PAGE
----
Last Friday at 5 o'clock in the morning while most of us were peacefully sleeping, a local family was waking up to the smell of smoke. The entire family managed to escape their home but the electrical fire consumed anything they didn't think to grab as they rushed out the door with their children. We put the word out on our FB page and received a wonderful response from the community. People have donated winter coats, clothing, and gift cards to help lighten the heavy burden that comes from waking up one morning and realizing you've lost all your possessions.
Their story could be any one of our stories. Fire is indiscriminant and can break out (as we've recently seen in Annapolis) in a palatial mansion or in the saddest of run down shacks. As s girl my grandmother lived with her father in a fairly run down little shack. A fire destroyed her home when she was about 8. Even in her 80's she described the sound of the piano keys banging out terrible notes as the rafters fell down from above. She still laments the loss of the one thing she had left from her mother (who died of Tuberculosis when she was 6) - a trunk of dresses she had sewn for her before she died, the only thing she could do as a mother to try and take care of a child she knew she wouldn't live to see grow up.
Fire is my story as well. When I was 20 I had my first apartment. One night I heard my roommates whispering outside my door trying to decide if they should wake me up for yet another smoke alarm going off in the building. We lived above a restaurant and it happened pretty often that we'd get false alarms in the middle of the night. I figured I would go with them, so I pulled on some sweats and we all put on our winter coats and headed out the door. By the time we got to the next floor we could see and smell the smoke, by the time we got out the door and were on the sidewalk the smoke was black and billowing.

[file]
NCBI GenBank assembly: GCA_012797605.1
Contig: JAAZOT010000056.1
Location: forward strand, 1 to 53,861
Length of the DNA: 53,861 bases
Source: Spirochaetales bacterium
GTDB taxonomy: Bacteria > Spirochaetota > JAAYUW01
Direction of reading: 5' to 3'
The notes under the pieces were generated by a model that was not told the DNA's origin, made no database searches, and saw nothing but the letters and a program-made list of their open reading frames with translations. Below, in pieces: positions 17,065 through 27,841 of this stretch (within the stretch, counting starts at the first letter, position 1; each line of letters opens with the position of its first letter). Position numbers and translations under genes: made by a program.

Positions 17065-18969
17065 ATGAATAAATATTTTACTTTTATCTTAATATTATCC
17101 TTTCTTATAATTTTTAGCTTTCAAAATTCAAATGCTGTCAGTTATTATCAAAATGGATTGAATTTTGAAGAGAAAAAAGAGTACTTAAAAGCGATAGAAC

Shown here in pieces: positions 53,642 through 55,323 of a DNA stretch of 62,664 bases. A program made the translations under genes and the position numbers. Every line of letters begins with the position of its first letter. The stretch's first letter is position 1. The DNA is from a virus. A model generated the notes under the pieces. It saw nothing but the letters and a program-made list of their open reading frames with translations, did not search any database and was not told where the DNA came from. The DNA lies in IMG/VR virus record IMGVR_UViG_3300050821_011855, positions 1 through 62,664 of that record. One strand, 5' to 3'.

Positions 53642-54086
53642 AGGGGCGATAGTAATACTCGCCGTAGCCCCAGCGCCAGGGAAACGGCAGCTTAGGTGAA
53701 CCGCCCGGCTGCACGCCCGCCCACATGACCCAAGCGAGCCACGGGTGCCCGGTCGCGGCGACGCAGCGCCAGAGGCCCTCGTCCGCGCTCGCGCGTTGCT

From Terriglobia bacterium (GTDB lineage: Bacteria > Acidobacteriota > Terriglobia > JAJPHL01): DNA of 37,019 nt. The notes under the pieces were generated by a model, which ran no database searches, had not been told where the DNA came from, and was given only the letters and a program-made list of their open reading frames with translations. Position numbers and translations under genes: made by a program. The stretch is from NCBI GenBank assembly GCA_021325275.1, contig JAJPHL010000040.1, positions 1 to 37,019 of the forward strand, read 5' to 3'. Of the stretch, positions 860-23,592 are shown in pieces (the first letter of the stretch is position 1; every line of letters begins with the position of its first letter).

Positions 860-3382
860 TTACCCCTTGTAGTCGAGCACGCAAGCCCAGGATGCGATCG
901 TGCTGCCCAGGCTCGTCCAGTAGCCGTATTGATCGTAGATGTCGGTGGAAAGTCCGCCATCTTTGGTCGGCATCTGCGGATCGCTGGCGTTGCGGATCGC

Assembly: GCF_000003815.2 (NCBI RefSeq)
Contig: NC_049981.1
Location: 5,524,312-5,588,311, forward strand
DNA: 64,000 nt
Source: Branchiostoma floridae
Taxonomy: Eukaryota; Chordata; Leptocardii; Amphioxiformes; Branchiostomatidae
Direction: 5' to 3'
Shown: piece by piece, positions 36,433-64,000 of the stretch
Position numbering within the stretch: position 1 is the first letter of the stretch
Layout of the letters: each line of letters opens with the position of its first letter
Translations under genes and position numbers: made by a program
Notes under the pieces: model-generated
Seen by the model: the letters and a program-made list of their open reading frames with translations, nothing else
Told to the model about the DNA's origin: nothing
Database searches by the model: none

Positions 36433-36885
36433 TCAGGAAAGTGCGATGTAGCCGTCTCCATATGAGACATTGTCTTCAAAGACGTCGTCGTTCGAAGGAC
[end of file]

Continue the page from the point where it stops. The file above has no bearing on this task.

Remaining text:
The fire department arrived minutes later and they went in with respirators and full protective gear. We watched as they carried our neighbors out, slung over their shoulders. We watched as the staircase, which had become a pool of black smoke, erupted into flames and collapsed. At that point the firemen started carrying people out the back fire escape (a spot we had previously used for grilling or party over-flow). We stood there on a snowy sidewalk in Iowa, freezing, on March 26th, watching as smoke began to pour out of every crack and seam of the old building. I watched as my bedroom window began to glow orange and red, and eventually saw the flames burst through and lick the rooftop.
There is no detail of that night that I do not remember, but I'll spare you the rest. The days that followed were a blur of feeling lost, afraid and overwhelmed. I stayed on friends couches until I could find a place of my own, I met with the insurance agent (luckily my mom's home owners insurance covered my losses) and I was fairly quickly handed a fat check to go out and begin to replace everything I had lost.
But here is the thing, when you lose everything; no matter how much you buy, you will never again feel you have everything. Sure you'll have a couch and a microwave again, but you'll never have your baby book back. You'll never have your grandmothers watch but you'll always have the feeling that you are never fully safe. I will forever mourn the loss of the irreplaceable items I left behind that night, just like my grandmother mourns the loss of her irreplaceable items 70 years earlier.
The fire changed me, not for better or for worse, but forever. It will do the same to the family from last week. I hope, through my sharing my story it will do the same for you. Look around your house and think about what really matters to you. Make sure your children understand what to do in case of a fire, have a plan and invest in a fire safe or at the very least, gather your irreplaceable items together in one bag and keep it somewhere you can quickly grab and go. And please, always be sure there is a working smoke alarm in every room. Fire moves quickly and smoke is deadly, early warning is the only way to be sure your children and loved ones have a chance. Click HERE for a link to the Loudoun County fire resource page, they will install or replace alarms and batteries for free.
Wishing the best for you and your families,